The very notion of a “pursuit of life extension” also requires qualifications. It might be safe to assume that few people in the world would oppose healthy life extension per se (though some authors have expressed such opposing statements). The universal drive of medicine to prolong human life for some periods of time is also generally implied. How then can “life-extensionism” be distinguished as an intellectual movement apart from the aspirations of the whole of medicine or the whole of humanity? The difference may just consist in the extent of hopes, the openness with which such hopes were expressed, and the amount of effort directed toward their fulfillment. When the hopes are high and openly expressed, and the effort toward their implementation is great, the protagonist may be described as a “life-extensionist.” In this sense, aspirations for life extension for very limited periods of time, as for example in terminal cases, would not be subsumed under the heading of “life-extensionism” (though these are highly compatible with life-extensionist goals, representing, so to say, a “first step”). As a rule of thumb, when the earnestly expressed aspirations amount to 100-120 years, the life-span attained by humanity’s longest-lived,14 the person who expresses them might be characterized as a “moderate life-extensionist” or simply a “life-extensionist.” Beyond that period, the aspirant may be termed a “radical life-extensionist.” And those who envision virtually no potential limit to the human life-span may be categorized as “immortalists.” Yet, even without mentioning any specific time periods, life-extensionists can be identified by such expressions as “defeating/reversing aging,” “fighting/overcoming death” or even by a prevalent emphasis on the “prolongation of life” or “longevity” generally. These emphases are prominent in the writings of life-extensionists, but almost conspicuously absent in those who might not be categorized as such. The desire to prolong human life may be generally implied in medicine, but it is not always expressed. And certainly, speaking of “radical life extension” is often considered bad taste among physicians and biomedical researchers.15 Furthermore, biology textbooks often do not include aging and dying, not to mention longevity, among the processes of life.16 For the life-extensionists, these topics are central.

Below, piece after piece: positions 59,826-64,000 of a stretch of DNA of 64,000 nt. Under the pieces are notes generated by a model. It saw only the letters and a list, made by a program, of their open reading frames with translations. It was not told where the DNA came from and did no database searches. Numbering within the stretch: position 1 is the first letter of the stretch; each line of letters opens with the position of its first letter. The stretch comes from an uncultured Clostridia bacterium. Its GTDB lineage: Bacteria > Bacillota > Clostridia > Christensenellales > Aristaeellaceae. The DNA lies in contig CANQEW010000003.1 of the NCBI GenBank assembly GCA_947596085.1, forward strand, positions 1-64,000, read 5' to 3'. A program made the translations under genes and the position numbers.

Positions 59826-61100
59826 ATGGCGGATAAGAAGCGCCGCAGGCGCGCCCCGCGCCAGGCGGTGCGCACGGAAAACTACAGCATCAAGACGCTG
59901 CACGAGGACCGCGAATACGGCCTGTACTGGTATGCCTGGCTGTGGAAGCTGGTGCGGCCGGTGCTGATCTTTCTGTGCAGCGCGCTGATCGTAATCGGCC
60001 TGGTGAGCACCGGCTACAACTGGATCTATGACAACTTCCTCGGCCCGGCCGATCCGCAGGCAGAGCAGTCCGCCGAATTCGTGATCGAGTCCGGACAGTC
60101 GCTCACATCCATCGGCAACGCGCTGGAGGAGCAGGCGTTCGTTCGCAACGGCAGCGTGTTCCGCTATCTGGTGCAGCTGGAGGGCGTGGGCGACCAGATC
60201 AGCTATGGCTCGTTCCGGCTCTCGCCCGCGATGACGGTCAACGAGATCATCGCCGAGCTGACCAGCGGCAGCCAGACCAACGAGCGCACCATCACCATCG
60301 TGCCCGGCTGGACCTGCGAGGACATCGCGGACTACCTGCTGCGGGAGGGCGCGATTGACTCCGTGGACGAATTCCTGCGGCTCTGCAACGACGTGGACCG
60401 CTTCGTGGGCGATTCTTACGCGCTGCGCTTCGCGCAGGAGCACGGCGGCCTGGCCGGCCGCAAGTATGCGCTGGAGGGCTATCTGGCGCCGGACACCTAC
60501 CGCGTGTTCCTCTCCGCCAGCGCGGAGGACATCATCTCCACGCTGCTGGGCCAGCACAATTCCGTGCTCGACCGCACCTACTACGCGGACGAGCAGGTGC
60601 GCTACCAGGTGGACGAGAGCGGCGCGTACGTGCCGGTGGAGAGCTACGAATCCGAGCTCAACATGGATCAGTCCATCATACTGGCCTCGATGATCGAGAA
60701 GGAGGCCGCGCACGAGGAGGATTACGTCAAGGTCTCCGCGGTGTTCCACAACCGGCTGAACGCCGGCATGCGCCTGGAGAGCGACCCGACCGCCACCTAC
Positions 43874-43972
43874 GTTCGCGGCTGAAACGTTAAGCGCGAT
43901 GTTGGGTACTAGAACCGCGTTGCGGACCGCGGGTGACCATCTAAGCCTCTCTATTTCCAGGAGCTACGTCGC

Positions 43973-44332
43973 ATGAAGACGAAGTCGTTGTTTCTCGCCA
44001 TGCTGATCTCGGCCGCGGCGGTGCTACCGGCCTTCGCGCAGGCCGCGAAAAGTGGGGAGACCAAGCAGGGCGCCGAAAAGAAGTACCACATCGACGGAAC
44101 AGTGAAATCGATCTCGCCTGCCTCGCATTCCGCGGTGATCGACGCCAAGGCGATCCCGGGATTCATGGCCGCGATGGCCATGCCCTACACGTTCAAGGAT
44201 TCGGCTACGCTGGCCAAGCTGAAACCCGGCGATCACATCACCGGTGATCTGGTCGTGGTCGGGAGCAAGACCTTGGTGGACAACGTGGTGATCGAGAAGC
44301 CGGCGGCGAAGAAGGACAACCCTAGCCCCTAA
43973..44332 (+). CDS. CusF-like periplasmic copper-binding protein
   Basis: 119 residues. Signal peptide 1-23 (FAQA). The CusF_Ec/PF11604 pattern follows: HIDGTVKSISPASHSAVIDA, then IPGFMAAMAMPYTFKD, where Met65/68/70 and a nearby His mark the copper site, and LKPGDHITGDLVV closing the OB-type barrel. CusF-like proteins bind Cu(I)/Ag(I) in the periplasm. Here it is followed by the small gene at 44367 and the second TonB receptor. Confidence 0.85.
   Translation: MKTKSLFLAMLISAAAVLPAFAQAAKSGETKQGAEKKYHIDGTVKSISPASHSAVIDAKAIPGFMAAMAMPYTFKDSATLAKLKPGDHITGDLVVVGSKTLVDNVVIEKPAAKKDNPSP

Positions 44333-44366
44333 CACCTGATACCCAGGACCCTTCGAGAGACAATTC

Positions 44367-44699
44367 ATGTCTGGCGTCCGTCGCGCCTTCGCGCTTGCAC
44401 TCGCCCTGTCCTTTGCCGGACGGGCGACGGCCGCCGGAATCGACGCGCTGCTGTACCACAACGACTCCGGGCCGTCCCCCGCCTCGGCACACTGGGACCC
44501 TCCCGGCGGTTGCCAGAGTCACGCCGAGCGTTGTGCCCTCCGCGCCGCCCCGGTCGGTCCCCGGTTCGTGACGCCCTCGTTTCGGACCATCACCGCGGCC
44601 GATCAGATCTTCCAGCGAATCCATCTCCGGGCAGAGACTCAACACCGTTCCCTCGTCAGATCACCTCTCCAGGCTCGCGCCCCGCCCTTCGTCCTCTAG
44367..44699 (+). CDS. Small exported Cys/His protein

A further distinction may be expected to be found in the specific methods proposed. Yet, it appears that the distinction may consist not so much in the specifics of the methods, but rather in their specific purposes. As the book exemplifies, several biomedical methodologies were developed for the explicit purpose of life extension and rejuvenation, rather than for the treatment of particular diseases, even though these methods also drew on and were applied to other fields of medicine. The non-identity of the pursuit of health/eradication of diseases and the prolongation of life was first expressed by Christoph Wilhelm Hufeland (1762-1836), the renowned German hygienist, physician to the King of Prussia, Friedrich Wilhelm III, and to Goethe and Schiller. Hufeland coined his own term for life extension – “macrobiotics.” (The word “macrobiotes,” designating the extremely long-lived, appears as early as Pliny the Elder (23-79 CE) who also notices the interest in this subject in Herodotus, c. 484-425 BCE, and Hesiod, c. 750-650 BCE.17) The term “macrobiotics” has survived to the present. In Macrobiotics or the Art of Prolonging Human Life (1796), Hufeland thus distinguished the art of life extension from the general medical art:18